"A child's learning is the funtion more of the characteristics of his classmates than those of the teacher." James Coleman, 1972

Wednesday, August 01, 2012

Duncan Dishes $21.5 Million to College Board and Calls It Helping the Poor

Arne Duncan has a No Excuses approach to education, and to prove it once more, he has just signed off on a plan to give every American child living in a car, motel room, or urban hovel a chance to take another test to show how hopelessly behind she is.  As a side benefit for the testing-industrial complex, the College Board collects the entire sum:
 The U.S. Department of Education announced the award of more than $21.5 million in grants to 43 states to cover all or part of the fees charged to low-income students for taking Advanced Placement tests. . . .
"These funds will help eliminate financial roadblocks for more low-income students and allow them to fully benefit from the AP program,” Duncan said.
Yes, those nasty financial roadblocks for which there are no excuses.  Does one know whether to laugh or cry?

Clearly, it looks like the $750,000 that the College Board spent on lobbying last year is paying off big time. Here is a clip from PalyVoice, which had an informative spread in May 2012 (my bolds):


. . . . As the records from the most recently released Form 990 indicate, the College Board has been breezing through the 2009-2010 fiscal year with profits enviable by comparable industries in the private sector.
Of the over $594 million in total expenses in the 2009-2010 fiscal year, $7.8 million was allocated for the compensation of current officers, directors, trustees and key employees, $111.1 million went towards other salaries and wages, $13.7 million was for traveling expenses and $2.9 million paid for advertising and promotions, among other items.
Among the total of 1370 employees hired by the College Board, 456 individuals received more than $100,000 in compensation.
The multitude of Senior Vice Presidents and Officers received even more in total compensation and nontaxable benefits; Chief Executive Officer and President Gaston Caperton, the highest paid employee, received $1.3 million of such compensation and benefits, while the second highest paid employee, Chief Operating Officer and Senior Vice President Herbert Elish, received nearly $600,000.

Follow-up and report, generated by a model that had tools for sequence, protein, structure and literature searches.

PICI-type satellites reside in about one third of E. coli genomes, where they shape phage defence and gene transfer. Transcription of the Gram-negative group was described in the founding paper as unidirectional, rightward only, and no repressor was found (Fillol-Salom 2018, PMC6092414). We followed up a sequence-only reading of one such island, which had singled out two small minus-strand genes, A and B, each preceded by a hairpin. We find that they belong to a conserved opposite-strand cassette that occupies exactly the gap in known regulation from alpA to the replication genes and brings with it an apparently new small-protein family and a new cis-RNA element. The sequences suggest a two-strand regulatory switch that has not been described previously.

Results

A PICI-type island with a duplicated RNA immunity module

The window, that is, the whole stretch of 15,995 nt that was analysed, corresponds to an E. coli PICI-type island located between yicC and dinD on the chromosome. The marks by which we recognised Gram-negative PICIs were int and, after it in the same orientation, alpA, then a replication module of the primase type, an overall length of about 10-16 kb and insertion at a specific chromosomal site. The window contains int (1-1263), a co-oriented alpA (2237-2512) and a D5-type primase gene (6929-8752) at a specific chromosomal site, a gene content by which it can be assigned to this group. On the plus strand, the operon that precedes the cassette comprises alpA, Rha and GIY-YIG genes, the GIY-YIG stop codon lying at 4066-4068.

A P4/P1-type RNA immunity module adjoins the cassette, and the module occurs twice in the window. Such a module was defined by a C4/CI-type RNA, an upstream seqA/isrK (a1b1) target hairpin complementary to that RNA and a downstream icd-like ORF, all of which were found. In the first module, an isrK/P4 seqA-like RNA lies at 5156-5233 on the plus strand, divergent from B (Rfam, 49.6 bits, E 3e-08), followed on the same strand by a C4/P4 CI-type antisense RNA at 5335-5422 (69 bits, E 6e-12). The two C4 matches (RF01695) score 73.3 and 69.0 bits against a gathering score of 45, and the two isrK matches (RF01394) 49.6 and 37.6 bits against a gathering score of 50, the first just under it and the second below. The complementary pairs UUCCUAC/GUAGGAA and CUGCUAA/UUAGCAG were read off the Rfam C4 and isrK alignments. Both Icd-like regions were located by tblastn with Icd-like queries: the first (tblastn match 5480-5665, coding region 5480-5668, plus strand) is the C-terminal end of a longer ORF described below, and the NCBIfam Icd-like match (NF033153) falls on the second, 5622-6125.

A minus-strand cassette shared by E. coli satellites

Even after all of these expenses, there is still a $65.6 million gap between the expenses and the total revenue. From the College Board’s Form 990, it is unclear as to what the nearing $70 million profit is going towards.
However, one expense in particular is salient: over $750,000 spent towards lobbying in the 2009-2010 year. While it is illegal for a nonprofit organization to participate in “direct or indirect political campaign activities,” it is still allowed to engage in lobbying activities.
The Form 990 indicated that the College Board has attempted “to influence foreign, national, state or local legislation, including any attempt to influence public opinion on a legislative matter or referendum, through the use of... paid staff or management [as well as] direct contact with legislators, their staffs, government officials or a legislative body.”
According to the Center for Responsive Politics (CRP), a nonprofit, nonpartisan research group in Washington D.C., three separate lobbying firms and seven different lobbyists represent the College Board on Capitol Hill.
The organization has been lobbying the federal government on issues and bills pertaining to education since 1998, as well as matters regarding Federal Budget and Appropriations since 2002. . . .

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